European Clubs Association demands ‘open and transparent’ discussion with FIFA chief on plans for new events
The European Clubs Association (ECA) on Wednesday demanded 'open and transparent' discussions with FIFA president Gianni Infantino over his plans for new, or enlarged, global club and international competitions.
Lausanne: The European Clubs Association (ECA) on Wednesday demanded "open and transparent" discussions with FIFA president Gianni Infantino over his plans for new, or enlarged, global club and international competitions.
The governing body of world football is creating a Global Nations League for national teams and has proposed expanding the Club World Cup to 24 teams.
The club association, made up of representatives of every league in Europe, issued a statement after a session in Warsaw.
It echoed an argument made by UEFA after a meeting which ECA attended in Lyon in May, and said it "expects discussions to be undertaken in an open and transparent and using formal channels of engagement between ECA and FIFA."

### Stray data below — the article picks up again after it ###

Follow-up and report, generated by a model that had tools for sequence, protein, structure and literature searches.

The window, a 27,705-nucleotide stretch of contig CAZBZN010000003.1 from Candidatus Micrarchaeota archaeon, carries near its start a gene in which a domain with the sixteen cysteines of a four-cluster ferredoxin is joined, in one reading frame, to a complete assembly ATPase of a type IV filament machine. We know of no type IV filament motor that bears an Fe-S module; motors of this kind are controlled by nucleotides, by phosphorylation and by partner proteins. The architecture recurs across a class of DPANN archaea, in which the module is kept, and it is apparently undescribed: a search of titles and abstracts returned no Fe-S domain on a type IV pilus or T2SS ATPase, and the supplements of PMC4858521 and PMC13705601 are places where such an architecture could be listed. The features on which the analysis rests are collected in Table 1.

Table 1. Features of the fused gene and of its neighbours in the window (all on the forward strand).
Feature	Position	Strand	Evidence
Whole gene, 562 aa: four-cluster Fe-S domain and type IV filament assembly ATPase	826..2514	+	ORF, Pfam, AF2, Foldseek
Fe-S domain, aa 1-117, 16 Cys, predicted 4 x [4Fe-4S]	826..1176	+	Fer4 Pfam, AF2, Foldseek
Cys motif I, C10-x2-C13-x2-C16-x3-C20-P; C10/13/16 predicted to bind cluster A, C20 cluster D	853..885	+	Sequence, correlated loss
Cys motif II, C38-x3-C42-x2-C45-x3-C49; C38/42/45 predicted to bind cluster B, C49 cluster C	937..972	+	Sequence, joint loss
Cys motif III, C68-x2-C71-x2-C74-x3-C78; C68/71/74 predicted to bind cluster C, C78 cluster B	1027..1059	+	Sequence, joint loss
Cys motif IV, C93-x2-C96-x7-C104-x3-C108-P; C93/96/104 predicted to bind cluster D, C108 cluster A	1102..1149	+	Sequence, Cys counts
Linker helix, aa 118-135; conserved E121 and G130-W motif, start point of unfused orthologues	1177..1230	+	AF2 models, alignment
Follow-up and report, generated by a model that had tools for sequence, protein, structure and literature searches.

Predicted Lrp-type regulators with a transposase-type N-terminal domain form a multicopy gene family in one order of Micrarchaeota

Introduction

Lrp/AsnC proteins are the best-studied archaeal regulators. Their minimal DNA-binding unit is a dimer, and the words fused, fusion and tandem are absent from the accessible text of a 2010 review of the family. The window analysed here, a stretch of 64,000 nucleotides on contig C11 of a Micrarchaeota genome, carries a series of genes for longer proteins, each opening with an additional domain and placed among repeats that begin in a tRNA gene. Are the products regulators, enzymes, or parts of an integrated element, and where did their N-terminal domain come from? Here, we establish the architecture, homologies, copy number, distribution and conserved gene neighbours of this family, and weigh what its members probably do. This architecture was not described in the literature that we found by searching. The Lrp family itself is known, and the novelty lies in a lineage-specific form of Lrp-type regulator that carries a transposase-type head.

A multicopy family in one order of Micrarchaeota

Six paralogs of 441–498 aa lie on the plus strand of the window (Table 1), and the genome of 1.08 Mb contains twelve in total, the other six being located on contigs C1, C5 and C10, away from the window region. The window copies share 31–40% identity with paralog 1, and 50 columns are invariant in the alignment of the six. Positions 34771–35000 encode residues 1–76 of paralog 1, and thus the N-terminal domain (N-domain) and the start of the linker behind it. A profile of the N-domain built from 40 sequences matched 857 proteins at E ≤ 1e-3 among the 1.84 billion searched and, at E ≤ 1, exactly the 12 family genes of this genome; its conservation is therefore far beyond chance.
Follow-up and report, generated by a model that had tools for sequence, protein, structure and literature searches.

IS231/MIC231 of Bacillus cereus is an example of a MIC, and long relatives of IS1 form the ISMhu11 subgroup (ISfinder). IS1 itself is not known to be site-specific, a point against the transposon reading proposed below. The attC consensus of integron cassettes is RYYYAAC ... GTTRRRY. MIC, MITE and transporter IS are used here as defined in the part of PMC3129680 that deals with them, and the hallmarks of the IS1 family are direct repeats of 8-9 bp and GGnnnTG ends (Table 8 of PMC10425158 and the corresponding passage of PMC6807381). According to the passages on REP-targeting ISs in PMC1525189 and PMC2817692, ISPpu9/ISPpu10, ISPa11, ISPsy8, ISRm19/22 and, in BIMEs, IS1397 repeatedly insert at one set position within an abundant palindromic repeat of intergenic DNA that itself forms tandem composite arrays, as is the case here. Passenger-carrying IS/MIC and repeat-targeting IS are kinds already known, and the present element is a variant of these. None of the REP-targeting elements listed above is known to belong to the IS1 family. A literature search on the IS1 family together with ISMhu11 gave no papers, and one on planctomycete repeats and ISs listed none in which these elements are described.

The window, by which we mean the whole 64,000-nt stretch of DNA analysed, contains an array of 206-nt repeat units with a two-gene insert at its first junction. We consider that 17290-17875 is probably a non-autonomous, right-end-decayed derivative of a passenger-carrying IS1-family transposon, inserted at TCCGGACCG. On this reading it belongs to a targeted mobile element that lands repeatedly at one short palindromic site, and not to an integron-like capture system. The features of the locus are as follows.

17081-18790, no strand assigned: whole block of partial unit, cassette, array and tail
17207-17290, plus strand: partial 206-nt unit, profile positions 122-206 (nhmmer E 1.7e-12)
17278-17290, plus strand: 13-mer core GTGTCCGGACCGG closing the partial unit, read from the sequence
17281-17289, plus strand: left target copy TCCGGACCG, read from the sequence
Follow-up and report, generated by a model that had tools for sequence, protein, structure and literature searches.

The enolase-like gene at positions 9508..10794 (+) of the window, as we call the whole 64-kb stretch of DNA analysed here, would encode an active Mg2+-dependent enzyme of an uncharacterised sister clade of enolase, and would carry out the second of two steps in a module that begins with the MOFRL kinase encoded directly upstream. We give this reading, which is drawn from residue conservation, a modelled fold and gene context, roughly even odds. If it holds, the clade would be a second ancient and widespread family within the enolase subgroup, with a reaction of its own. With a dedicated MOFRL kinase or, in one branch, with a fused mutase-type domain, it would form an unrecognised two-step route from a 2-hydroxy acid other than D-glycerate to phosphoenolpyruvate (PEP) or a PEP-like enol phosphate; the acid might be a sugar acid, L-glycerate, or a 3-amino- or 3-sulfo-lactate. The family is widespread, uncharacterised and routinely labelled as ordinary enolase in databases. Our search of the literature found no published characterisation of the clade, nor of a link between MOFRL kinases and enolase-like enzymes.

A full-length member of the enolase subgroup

"It is essential that ECA is at the heart and fully involved in shaping decisions which will determine the game's future," the statement quoted the president of ECA, Andrea Agnelli, who is also president of Juventus, as saying.
The ECA wants reform of the football calendar.
"The current model needs modernising with special focus required around reviewing the total number of games, release periods, confederation tournaments... and a re-balancing between European and domestic club competitions," said the statement.
Infantino is pushing to revamp the Club World Cup, boosting it from seven clubs to 24 in a four-year format. At the moment it is played every year.
He is also launching a biennial league tournament for nations, the Global Nations League.
Infantino says he has an offer of $25 billion over 12 years for the two competitions from a group of investors from Japan, China and Saudi Arabia.
That money, he promises, will be redistributed to clubs and continental football federations and he has held meetings with representatives of some of Europe's biggest clubs, leading to complaints from bodies such as ECA and the European Leagues (EPFL) that they are being cut out of the process.
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